As I was checked in and hooked up, I probably arrived at the hospital at 4 centimeters dilated. I had no clue what effacement was and my birth class at the hospital never covered the station of the baby. All I knew was that I needed to get to 10 centimeters and I had no idea how to do that. My goal for this birth was to be drug free, intervention free and deliver vaginally. My preparation towards that goal was minimal at best and I didn’t train for the marathon ahead. I’m not even sure I ate dinner that evening.
Jesse and I tried everything the nurses suggested. Walking down the hallway, leaning on the railings, rocking in a chair and on the birth ball. There was no way I was going to stay in the bed and I found it really helpful to kneel on the hospital floor. This is where my memory gets a little fuzzy and so does his. We were sleep deprived and not at all prepared for the all-nighter. We could have used a doula but in 2004, I had never even heard the word doula. Funny how God works things into our lives.
Around 7 centimeters I began to go through transition. I was shaking and cold and nauseas. I was scared because I felt like I had the flu and had no idea what transition was until I began throwing up and the nurse might have mentioned the word to me. Still clueless and exhausted, hungry and scared, I asked for something to help with the pain. I was given Demerol through my IV and that made me care a little bit less that I was in pain. I still felt the peak of the contraction, but I was able to relax more in-between them. After that wore off, I had progressed to 9 1/2 centimeters. I felt like I could be pushing at any moment and that scared me.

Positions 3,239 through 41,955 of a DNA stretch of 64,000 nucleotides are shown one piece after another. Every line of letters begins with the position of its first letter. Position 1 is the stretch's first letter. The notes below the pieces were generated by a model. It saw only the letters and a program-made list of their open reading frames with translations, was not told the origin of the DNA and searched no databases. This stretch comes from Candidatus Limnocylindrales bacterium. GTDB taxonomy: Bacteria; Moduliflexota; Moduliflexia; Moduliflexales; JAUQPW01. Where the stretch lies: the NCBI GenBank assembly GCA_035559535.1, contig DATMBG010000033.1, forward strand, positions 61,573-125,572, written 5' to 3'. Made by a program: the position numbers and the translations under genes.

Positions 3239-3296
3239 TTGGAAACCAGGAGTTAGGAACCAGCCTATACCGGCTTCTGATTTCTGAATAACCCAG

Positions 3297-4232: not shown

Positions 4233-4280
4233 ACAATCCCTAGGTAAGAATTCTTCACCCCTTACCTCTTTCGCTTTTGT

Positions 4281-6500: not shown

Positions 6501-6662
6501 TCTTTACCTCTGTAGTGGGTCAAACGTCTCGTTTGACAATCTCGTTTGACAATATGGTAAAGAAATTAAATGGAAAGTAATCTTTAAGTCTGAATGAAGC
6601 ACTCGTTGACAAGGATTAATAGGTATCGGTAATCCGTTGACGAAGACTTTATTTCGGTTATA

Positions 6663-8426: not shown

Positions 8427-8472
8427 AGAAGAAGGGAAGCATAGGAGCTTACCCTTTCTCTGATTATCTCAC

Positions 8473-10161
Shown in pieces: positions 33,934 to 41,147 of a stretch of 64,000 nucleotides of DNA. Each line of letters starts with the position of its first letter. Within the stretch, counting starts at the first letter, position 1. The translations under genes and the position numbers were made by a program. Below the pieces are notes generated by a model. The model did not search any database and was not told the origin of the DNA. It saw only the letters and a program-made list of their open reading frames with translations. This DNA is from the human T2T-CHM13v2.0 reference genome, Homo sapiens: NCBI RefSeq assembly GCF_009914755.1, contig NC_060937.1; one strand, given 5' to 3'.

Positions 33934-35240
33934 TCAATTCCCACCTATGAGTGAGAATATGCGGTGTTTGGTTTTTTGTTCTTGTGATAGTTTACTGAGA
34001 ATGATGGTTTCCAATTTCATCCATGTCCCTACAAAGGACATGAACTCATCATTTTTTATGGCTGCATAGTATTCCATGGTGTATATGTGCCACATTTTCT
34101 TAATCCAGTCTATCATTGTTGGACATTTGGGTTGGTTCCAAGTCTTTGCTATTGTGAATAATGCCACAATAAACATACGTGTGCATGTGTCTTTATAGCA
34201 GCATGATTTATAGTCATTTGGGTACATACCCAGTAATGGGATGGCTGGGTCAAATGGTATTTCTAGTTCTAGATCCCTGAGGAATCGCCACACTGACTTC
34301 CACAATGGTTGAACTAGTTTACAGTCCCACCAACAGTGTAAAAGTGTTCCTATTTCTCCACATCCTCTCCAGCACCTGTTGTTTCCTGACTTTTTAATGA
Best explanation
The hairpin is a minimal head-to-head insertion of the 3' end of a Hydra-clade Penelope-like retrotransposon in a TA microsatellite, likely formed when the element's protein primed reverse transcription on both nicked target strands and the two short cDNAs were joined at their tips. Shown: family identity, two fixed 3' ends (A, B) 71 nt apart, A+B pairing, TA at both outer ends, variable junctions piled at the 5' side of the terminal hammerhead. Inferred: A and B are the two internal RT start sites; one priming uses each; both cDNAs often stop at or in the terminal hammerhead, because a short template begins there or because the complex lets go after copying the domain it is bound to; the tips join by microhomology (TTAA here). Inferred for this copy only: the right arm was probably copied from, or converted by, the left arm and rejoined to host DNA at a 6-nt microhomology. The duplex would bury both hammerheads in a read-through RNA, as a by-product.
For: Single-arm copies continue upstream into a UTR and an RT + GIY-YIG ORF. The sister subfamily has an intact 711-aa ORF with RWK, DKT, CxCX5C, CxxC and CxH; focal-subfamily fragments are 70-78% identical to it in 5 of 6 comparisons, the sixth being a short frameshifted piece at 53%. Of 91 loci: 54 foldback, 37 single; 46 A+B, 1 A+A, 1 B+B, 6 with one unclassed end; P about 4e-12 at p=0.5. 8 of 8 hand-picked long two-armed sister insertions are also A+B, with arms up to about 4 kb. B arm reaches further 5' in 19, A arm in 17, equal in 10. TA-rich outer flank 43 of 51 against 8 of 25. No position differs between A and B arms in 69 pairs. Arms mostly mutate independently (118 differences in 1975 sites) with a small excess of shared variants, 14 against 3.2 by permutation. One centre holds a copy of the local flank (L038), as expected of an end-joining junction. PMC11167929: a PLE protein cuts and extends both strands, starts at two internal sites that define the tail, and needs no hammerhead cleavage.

I didn’t feel prepared for what THAT was like and I mentally and emotionally stalled myself for 4 hours. Stalled. Still having contractions but not fully dilated.
Looking back as a doula, I wonder if I was dilating to 10 centimeters with every contraction and could have tried a few practice pushes. My on-call Doctor was at a loss and called in the Midwife who was attending to another patient down the hall. I should have recognized her as my knight in shining armor, but I had never experienced the midwifery model of care and she scared me more than the rest of the team in my room. I’m an introvert and it takes me awhile to feel like I can trust people and for the exception of my husband, I didn’t trust anyone in that room. The midwife asked me to get on my hands and knees, IN FRONT of all those strangers. She recognized that I was having back labor and my baby was sunny side up, (OP). I flatly told her no and she walked away realizing that I wasn’t going to trust her.
Looking back I wish I had been coachable in that moment.
I wish I could have taken the leap and trusted that she was trying to help me deliver my baby. The last resort, and the only piece of advice my doctors were giving me was that I needed the epidural. It was the only thing going to help my body relax. I gave in, feeling defeated and promptly dilated.